3 min

“There’s nothing funnier than a fat drag queen falling in the mud”

Toronto's Miss Conception will appear in an episode of Wipeout in the spring

Miss Conception storms the Wipeout obstacle course in full drag.

In full drag, Toronto’s Miss Conception plunged headfirst into the obstacle course, diving into freezing cold water, crawling through mud and bouncing off big red balls, all the time with her kohl-painted eye on the $50,000 prize.

Proud FM’s Miss Conception, aka Kevin Levesque, was whisked away to Buenos Aires, Argentina, from Oct 12 to 18 to shoot an episode for the first season of Wipeout Canada, a reality show featuring hilariously cringe-inducing obstacle courses.

Levesque was one of 20 Canadian contestants, including seven from Toronto, on the episode, dubbed “Beauties and Geeks.”

The episode will air in March on TVtropolis.

“It was, honestly, one of the best experiences of my life,” Levesque said. “I met the most amazing people and had the time of my life.”

Wearing a Richard Ryder-designed pink sequined bathing suit, tear-away skirt, glitter-covered sneakers and black wig, the singer/dancer/drag performer extraordinaire finished the course injury-free, albeit slightly soggy with dripping makeup.

If he’s declared the winner – something viewers won’t know until the episode hits the screen – he wants to take his parents to Las Vegas and pay off some debt.

Levesque plans to auction off one of the three costumes he had made for the show at a launch party at Woody’s on the night the episode airs.

The proceeds from the auction will go to the Toronto People with AIDS Foundation Friends for Life bike rally, which he will participate in in July, riding from Toronto to Montreal.

The Wipeout adventure began at Toronto’s Metro Convention Centre at an audition in July, where Levesque showed the producers why Miss Conception should be the show’s first drag queen contestant.

“I wore a green sequined Lady Gaga costume and everyone was blown away,” he said. “They were like, ‘Who the hell are you?’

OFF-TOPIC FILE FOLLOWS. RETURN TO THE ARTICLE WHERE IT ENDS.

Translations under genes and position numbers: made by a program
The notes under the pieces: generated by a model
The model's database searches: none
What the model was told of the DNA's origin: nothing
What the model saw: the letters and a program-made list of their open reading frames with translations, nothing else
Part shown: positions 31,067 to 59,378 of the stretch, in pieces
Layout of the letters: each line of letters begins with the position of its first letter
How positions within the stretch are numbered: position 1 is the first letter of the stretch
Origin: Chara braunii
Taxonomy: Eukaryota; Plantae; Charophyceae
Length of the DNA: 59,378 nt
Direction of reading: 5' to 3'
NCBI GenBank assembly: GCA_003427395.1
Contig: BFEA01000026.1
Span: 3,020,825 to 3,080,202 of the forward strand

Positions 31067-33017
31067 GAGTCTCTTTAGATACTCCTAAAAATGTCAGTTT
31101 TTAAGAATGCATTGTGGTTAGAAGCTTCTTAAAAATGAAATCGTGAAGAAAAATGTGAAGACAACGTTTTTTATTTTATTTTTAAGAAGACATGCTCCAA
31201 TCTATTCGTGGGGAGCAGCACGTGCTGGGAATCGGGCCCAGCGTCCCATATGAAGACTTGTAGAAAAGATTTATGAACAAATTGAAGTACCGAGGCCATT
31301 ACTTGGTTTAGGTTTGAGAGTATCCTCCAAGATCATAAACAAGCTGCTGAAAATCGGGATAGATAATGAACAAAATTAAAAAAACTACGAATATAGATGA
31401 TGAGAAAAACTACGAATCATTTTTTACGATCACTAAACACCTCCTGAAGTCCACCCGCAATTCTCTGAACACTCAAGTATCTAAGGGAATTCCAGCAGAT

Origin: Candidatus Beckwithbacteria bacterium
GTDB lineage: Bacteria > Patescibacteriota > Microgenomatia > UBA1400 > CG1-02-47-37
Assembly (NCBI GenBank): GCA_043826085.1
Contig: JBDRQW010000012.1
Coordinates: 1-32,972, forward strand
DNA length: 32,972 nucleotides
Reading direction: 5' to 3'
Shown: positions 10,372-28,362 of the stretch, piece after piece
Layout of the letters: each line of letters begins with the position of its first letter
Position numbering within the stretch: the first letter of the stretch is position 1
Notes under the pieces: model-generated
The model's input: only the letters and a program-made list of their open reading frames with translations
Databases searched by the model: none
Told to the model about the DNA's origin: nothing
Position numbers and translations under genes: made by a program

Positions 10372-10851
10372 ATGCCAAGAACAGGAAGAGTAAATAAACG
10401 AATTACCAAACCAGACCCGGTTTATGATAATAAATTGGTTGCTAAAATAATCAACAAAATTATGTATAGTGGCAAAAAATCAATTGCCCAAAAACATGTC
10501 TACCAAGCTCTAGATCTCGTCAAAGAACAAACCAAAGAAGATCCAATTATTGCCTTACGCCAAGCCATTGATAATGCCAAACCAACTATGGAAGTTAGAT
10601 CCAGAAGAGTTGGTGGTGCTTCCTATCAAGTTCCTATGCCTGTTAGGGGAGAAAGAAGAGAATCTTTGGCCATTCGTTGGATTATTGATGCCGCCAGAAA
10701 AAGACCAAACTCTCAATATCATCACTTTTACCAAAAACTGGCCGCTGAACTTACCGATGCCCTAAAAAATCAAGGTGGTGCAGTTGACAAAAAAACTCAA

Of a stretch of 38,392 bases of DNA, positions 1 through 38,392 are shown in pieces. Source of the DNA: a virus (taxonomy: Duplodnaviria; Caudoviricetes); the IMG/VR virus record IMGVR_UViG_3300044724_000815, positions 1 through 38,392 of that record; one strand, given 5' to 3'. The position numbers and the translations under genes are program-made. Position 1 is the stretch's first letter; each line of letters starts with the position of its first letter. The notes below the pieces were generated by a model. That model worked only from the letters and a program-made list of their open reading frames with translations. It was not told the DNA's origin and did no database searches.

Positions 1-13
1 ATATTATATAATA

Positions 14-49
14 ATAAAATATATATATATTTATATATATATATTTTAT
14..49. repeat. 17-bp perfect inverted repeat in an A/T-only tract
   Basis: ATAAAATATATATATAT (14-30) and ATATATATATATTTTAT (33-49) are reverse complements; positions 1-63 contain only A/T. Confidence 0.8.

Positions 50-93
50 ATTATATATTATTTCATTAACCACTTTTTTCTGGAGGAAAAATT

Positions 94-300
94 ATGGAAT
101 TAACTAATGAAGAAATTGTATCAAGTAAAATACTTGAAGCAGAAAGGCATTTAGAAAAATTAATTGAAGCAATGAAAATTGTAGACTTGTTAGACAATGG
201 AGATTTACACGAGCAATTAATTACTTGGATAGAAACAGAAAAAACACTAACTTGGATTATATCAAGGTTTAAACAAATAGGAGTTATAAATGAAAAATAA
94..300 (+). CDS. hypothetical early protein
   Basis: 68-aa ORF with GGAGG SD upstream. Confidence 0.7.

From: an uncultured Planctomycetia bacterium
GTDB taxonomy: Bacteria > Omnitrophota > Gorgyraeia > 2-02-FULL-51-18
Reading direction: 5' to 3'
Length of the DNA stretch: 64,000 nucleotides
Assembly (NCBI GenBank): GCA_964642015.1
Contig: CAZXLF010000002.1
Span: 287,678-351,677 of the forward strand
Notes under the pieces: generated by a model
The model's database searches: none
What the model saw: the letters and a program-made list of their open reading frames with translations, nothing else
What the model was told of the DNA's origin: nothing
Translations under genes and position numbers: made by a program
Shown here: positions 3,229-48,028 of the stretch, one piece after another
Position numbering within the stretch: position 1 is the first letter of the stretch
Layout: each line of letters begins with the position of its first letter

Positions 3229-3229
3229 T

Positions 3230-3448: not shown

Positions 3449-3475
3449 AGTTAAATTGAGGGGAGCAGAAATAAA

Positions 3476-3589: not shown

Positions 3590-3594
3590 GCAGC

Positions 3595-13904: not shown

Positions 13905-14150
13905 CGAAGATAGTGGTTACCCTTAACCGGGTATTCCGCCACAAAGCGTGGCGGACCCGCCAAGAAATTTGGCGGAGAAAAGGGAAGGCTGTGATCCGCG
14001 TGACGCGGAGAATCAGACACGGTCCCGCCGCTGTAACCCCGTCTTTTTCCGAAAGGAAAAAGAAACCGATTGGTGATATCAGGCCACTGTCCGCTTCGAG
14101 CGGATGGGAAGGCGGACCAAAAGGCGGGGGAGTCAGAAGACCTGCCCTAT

“Hey, drag queens make good television. There’s nothing funnier than a fat drag queen falling in the mud.”

In the audition he gave the panel a taste of what his victory dance would look like.

“I just started doing cartwheels across the floor in high heels,” he said.

A month later, while at the CNE with his parents, Levesque found out he was one of 300 finalists chosen from 45,000 people across Canada.

“But I had to keep it a secret for over a month,” he said. “It was awful. I couldn’t even tell my friends. No one.”

While at the airport he met his 20 fellow contestants, a colourful collection of characters that included a stripper named Reid (“my future ex-husband,” Levesque says), a Playboy bunny, a firefighter (“a delicious beefy old thing,” he says), Star Wars nerds and a guy who researches garbage for a living.

“One guy on the show had never met a gay guy before in his life,” he said. “By the end of the show we were hugging.”

On the day of the shoot, Levesque was up at 3am getting dolled up in drag to be on set by 4am for an interview with host Jessica Phillips.

After a quick scan of the course, contestants were sequestered in a tent while they waited their turn. There, the motley crew bonded, sang songs and shared stories, he said.

“When it was my turn I had no idea what went through my mind,” he said. “I was crawling through mud, things flying off the punching wall at me, bouncing off the big red balls, all in full drag,” he said. “It was so crazy.

“I went into the water in drag and came out as Daddy Warbucks because I lost my wig,” he said.

The course takes all of about two or three minutes to complete. For Levesque, it was mostly a blur.

But he’s contractually bound not to reveal the results until after the episode hits screens.

“I ran through this course like a bitch, drenched and covered in mud,” he laughed. “Then they announced the top 12. And I can’t say any more till it airs in March.”

Would he do it all again?

“Absolutely,” he said enthusiastically. “I can’t apply to another reality show for a year and a half.”

After the shoot, he had about two days to see the sights, including Eva Perón’s grave.

“I stood under the balcony and sang ‘Don’t Cry for Me, Argentina,’” he laughed. “And I went to a straight club, which I haven’t been to in forever, and had the best time.”

He also made lifelong friends with his fellow contestants, people he’s still in close contact with today.

“We were all hugging and crying at the airport,” he said. “It was amazing.”

Check out at Miss Conception’s website at